The experiment will manipulate soil moisture fluctuations by balancing water introduction through rainfall and losses to evaporation and evapotranspiration as controlled by atmospheric factors such as temperature, wind speed, and relative humidity. This will allow the team to make more informed predictions of soil structure changes and greenhouse gas emissions under changing climate conditions.

Once the set-up has been fully tested the researchers will be able improve the predictive understanding of how changes in atmospheric carbon are affected by soil structure changes. 

The proposed sensor development and experimental research will lead to a substantial improvement of soil carbon models such as the RothC model developed at Rothamsted in the 1990s.

Low tech solutions

High tech soil monitoring will undoubtedly be an important tool in the development of high yield, low input future farming systems. But in the shorter term more accessible and easier to use measuring systems will be needed.  

A good example is a rapid soil-phosphate measurement toolkit developed by Rothamsted.

Phosphorus application represents a particular challenge for modern agriculture. Whilst vital for healthy plant growth, globally phosphate sources are limited. Moreover, if phosphate is poorly applied it can end up polluting watercourses causing significant environmental damage. 

And it is costly. Current instability in agricultural input markets saw phosphate fertiliser prices increased by as much as 130% in 2022, according to the UK’s AHDB.

So more precise application would benefit farmers hugely. Moving from prophylactic over-use to more precise, targeted applications of phosphate would reduce the volumes and avoid unnecessary depletion of this finite natural resource. And a more measured approach would directly benefit farmers: cheaper, more frequent and accurate soil-testing would mean that they use fertiliser only where and when needed, resulting in increased yields, less work and lower costs.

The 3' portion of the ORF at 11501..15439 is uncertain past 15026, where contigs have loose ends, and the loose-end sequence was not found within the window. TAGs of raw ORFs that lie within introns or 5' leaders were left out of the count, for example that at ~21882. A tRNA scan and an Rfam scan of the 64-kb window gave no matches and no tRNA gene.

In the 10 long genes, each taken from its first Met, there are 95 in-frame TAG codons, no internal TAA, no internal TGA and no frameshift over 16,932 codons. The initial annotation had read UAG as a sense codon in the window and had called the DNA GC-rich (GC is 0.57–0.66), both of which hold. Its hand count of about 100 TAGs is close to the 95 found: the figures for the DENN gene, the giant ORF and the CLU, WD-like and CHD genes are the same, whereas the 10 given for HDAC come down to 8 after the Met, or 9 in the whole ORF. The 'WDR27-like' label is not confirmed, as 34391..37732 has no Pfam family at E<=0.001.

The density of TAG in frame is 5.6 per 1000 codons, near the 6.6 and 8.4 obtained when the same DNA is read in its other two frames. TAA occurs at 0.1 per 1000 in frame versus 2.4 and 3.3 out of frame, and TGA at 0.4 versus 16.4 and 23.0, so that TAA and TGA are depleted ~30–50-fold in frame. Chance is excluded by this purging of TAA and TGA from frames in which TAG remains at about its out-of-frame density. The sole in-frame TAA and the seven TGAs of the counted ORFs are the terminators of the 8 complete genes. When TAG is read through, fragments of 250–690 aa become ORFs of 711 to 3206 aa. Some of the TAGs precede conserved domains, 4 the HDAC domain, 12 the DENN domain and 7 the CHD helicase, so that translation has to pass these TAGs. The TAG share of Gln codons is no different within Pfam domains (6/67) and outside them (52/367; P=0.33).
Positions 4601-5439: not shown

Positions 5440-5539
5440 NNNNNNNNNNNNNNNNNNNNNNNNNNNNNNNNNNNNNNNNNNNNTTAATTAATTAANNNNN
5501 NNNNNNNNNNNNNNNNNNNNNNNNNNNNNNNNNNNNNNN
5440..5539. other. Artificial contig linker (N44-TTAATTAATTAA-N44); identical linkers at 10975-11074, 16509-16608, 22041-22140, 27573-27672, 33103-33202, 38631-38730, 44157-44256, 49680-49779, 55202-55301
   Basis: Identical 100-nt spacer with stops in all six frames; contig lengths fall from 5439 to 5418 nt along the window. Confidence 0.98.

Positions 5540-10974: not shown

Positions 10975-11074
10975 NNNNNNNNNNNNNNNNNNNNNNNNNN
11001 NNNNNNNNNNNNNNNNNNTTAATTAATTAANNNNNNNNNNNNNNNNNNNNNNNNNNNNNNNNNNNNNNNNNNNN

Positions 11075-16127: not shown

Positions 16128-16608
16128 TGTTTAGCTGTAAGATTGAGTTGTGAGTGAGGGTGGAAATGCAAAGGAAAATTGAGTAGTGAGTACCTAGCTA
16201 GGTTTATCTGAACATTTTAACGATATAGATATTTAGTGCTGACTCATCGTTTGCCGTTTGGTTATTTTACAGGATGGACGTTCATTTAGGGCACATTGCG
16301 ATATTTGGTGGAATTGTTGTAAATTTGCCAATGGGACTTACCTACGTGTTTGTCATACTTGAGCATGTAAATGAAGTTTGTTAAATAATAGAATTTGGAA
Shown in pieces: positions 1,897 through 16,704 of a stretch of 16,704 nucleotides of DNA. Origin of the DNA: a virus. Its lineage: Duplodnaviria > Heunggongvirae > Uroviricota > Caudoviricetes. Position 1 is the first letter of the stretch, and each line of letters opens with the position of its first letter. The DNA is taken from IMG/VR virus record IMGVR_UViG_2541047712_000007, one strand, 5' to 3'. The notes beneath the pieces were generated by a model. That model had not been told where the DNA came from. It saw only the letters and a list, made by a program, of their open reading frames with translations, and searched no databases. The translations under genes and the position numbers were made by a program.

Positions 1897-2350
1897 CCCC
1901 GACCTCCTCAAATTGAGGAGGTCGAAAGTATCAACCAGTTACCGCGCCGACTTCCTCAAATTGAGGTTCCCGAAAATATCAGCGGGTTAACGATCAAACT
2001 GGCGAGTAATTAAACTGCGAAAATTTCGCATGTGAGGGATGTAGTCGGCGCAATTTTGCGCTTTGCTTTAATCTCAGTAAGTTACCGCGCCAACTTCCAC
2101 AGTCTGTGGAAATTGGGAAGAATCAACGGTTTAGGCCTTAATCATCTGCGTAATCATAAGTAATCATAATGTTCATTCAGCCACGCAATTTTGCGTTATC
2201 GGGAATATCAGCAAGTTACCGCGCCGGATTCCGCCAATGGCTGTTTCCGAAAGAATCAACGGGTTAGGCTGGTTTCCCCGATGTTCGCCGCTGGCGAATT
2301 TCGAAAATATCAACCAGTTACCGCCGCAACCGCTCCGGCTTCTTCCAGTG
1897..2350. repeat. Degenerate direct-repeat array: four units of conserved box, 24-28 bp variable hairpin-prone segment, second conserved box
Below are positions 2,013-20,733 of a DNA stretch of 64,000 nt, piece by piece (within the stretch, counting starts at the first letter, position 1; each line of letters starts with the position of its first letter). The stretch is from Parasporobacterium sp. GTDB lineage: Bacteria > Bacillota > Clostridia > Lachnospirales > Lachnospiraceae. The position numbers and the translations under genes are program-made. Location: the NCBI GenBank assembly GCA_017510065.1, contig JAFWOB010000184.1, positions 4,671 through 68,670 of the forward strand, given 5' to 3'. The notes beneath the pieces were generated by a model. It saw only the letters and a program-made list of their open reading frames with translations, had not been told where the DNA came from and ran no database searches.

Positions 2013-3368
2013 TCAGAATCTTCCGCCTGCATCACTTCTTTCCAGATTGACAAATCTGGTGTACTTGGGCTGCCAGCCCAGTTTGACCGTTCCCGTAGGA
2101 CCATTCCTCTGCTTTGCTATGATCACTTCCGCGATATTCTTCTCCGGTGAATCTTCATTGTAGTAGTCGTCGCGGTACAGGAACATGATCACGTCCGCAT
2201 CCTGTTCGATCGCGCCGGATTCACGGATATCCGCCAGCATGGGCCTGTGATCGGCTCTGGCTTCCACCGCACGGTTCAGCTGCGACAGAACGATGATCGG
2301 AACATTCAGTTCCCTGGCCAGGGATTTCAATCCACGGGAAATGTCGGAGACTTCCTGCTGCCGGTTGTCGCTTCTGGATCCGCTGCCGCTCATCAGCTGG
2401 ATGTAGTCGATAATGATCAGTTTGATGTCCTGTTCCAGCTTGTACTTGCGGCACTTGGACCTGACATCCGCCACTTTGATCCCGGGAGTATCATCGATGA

Rothamsted Research produced a prototype rapid soil-phosphate measurement toolkit called Phosfield. This will enable cheaper, more frequent testing as well as more precise fertiliser applications, maximising yields and reducing pollution. 

Funded by the ERDF’s Agri-Tech Cornwall programme, the test kit provides precise results within just 20 minutes – a massive improvement on the several-day turnaround by laboratories.

'Most farmers test their soils for phosphate every three to five years,' explains Dr Susan Tandy, who until recently was a soil scientist at Rothamsted Research. 'They usually take several samples from across the field and amalgamate them to get an average reading.'

The level of phosphate varies across fields, and more accurate GPS-located testing would enable farmers to apply fertiliser at variable rates allowing them to achieve more consistent yields.

More importantly, phosphate availability can change over time and depends on the soil type, so by testing more frequently and knowing the soil type, farmers can be even more accurate in their fertiliser application.

The test has been three years in development, and has been trialled in Ghana, where it could have significant benefits.

'The technique would be extremely useful in developing countries as they have limited lab access to test their soils, meaning the application of expensive fertiliser is both financially risky and may not match crop requirement,' explains Tandy.

Having nailed down the scientific process using Cornish soil samples, the researchers worked with product design and development firm Vital Spark Creative to produce an analytical kit that would be relatively easy to use in the field.

While precision farming techniques like soil and crop scanning sand conductivity tests enable variable rate nitrogen applications, analysing phosphate will likely always require a physical soil sample to be taken, says Tandy.

The test is also extremely cost effective, according to developers. Once the kit is acquired, each test costs pence rather than pounds for a laboratory analysis.

Although the tool is not yet commercially available, the Phosfield team are seeking additional funding to bring it to market and hope to undertake further research to produce tailored fertiliser recommendations for different crops and soil types.